The Southwestern Historical Quarterly, Volume 51, July 1947 - April, 1948 Page: 168
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Southwestern Historical Quarterly
olic Church, at a rent of $150 per month, January 1, 1850, to con-
tinue in force during the pleasure of the United States; when given
up, the improvements to revert to the lessor. The lot is rented from
S. A. Maverick9 of San Antonio, at $2o per month, for ten years
irom Oct. 1, 1851, "should the Government require it that length
of time." The terms of these two leases are considered highly favor-
able. The buildings and premises are admirably adapted to their
purposes; the storage for supplies is ample and secure, and by the
workshops, stables, storerooms and offices, being thus brought to-
gether, a stricter vigilance can be exercised over the public interests
by the officer in charge (whose own residence adjoins the establish-
inent) than it would be possible for him to exert under a less com-
The operations of this depot in all its branches are on the most
extensive scale, and too much praise cannot be awarded to Bvt. Maj.
Belger for the order and judicious economy introduced into every
department. His books and accounts are kept with the utmost neatness
and accuracy, quiet and subordination prevail in the workshops, and
the most scrupulous attention is paid to the preservation of the
public property. No less than eight stations (Forts Martin Scott,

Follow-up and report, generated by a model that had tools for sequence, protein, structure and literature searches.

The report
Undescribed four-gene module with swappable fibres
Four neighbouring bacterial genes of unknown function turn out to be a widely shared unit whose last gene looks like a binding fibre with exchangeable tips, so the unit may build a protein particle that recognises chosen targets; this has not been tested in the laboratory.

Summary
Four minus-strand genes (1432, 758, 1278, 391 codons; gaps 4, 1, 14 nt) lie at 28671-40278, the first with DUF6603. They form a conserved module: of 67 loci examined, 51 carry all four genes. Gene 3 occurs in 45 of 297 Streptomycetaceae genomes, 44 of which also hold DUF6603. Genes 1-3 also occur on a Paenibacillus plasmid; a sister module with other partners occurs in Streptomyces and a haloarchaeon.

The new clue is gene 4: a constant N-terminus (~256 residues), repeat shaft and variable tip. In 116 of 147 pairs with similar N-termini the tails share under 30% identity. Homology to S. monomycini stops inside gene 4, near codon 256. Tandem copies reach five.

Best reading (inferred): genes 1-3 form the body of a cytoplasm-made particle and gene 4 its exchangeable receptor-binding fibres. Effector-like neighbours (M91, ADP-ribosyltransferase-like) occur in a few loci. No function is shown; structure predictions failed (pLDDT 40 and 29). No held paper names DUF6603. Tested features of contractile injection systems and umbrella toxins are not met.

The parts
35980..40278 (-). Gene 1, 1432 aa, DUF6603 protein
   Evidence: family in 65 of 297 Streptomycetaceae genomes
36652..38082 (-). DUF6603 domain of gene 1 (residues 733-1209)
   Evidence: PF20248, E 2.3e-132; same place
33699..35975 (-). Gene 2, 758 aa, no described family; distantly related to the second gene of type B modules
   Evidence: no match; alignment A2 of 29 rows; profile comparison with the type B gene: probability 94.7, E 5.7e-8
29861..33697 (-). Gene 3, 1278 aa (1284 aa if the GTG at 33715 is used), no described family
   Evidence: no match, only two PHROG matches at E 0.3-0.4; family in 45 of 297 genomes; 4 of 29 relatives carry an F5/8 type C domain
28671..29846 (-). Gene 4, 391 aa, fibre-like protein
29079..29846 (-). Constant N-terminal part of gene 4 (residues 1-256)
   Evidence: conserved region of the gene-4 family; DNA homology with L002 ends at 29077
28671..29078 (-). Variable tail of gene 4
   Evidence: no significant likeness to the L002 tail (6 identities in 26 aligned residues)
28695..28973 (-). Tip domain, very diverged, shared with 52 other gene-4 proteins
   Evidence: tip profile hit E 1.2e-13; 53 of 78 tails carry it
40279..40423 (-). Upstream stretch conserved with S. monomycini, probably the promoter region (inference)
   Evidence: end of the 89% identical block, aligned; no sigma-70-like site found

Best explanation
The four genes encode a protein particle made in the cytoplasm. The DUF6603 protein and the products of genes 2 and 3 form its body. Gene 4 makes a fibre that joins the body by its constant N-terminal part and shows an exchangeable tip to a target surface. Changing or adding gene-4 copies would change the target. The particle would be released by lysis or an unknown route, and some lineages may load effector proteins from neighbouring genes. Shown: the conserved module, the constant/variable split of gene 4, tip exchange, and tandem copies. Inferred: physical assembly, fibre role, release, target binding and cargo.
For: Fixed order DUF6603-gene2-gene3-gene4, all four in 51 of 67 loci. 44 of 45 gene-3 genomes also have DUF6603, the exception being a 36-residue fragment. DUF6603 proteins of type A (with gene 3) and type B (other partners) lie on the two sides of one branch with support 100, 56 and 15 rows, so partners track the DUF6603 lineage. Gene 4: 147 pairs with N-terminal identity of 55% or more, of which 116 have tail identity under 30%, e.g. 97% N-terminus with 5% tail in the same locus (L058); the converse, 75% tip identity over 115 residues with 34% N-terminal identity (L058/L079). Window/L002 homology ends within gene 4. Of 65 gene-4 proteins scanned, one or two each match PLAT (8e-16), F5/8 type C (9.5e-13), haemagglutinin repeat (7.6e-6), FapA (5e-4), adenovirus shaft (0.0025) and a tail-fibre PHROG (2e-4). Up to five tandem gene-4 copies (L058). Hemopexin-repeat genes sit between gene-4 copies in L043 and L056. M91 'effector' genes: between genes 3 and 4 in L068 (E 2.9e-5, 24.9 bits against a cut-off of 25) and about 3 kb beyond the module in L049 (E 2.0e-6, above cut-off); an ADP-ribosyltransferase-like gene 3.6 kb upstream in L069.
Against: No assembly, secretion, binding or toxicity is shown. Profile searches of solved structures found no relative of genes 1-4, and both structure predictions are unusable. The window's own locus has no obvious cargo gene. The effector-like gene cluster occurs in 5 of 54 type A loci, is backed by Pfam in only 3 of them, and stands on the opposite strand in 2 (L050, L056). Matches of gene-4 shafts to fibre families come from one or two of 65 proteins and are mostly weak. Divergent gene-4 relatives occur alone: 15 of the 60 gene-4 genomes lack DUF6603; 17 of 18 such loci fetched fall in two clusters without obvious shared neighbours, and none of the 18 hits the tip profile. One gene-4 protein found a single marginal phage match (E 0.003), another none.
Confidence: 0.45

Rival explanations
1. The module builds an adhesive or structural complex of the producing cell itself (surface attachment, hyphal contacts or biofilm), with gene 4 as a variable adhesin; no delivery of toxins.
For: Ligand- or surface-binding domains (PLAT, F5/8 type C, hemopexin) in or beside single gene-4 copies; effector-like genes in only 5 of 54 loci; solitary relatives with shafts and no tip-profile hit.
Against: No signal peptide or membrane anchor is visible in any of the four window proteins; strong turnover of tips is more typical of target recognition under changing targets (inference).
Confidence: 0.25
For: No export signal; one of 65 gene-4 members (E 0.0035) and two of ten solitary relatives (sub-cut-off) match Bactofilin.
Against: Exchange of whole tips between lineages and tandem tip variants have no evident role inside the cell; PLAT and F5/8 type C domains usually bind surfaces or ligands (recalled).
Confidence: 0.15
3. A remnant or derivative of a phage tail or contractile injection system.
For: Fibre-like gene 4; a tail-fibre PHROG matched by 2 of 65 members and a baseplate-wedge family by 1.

Mason, Chadbourne, McKavett, Inge, Clark, Ewell, and Merrill)
order their quartermaster stores wholly from this point, and supplies
are occasionally furnished to ten others, viz. the depots at Austin,
Indianola and Corpus Christi, Forts Croghan, Graham, Worth, Bel-
knap, Phantom Hill, Duncan and McIntosh. To do this requires a
large amount of transportation. Independent of the post teams proper
and hired means occasionally resorted to, fifty-two wagons driven by
citizen teamsters are constantly employed in transporting public
supplies from the coast to San Antonio, while seventy-two wagons,
also belonging to the depot, driven by soldiers detailed from the
acquiring title to all church buildings, missions, and adjoining lands in the Repub-
lic and petitioned Congress to that effect. His petition was enacted into law on
January 13, 1841. Odin worked in Texas for more than thirty years. Promoted to
Archbishop in 1861, he went in 1869 to attend the Vatican Council, where he
became ill. He died in his native village on May 25, 1871. H. H. Clarke, Lives of
the Deceased Bishops of the Catholic Church in the United States (3 Nols.; New
9Samuel Augustus Maverick was born in Pendleton, South Carolina, on July 28,
1803. One of the outstanding figures in early Texas, he was a guide in the storm-
ing of Bexar in December, 1835, a signer of the Declaration of Independence in
1836, a prisoner of Perote in 1842, a member of the Seventh and Eighth Texas
Congresses, the convention which framed the Constitution of 1845, and the Seces-
sion Convention in 1861, which received the surrender of the fifteen army posts
in Texas by General D. E. Twiggs. Maverick was one of the largest landowners
in Texas; he, with R. A. Howard, owned the site of Fort Clark and a large portion
of the Alamo property and Fort Chadbourne. Mary A. Maverick, Memoirs (San
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Texas State Historical Association. The Southwestern Historical Quarterly, Volume 51, July 1947 - April, 1948, periodical, 1948; Austin, Texas. (texashistory.unt.edu/ark:/67531/metapth101119/m1/210/: accessed November 17, 2017), University of North Texas Libraries, The Portal to Texas History, texashistory.unt.edu; crediting Texas State Historical Association.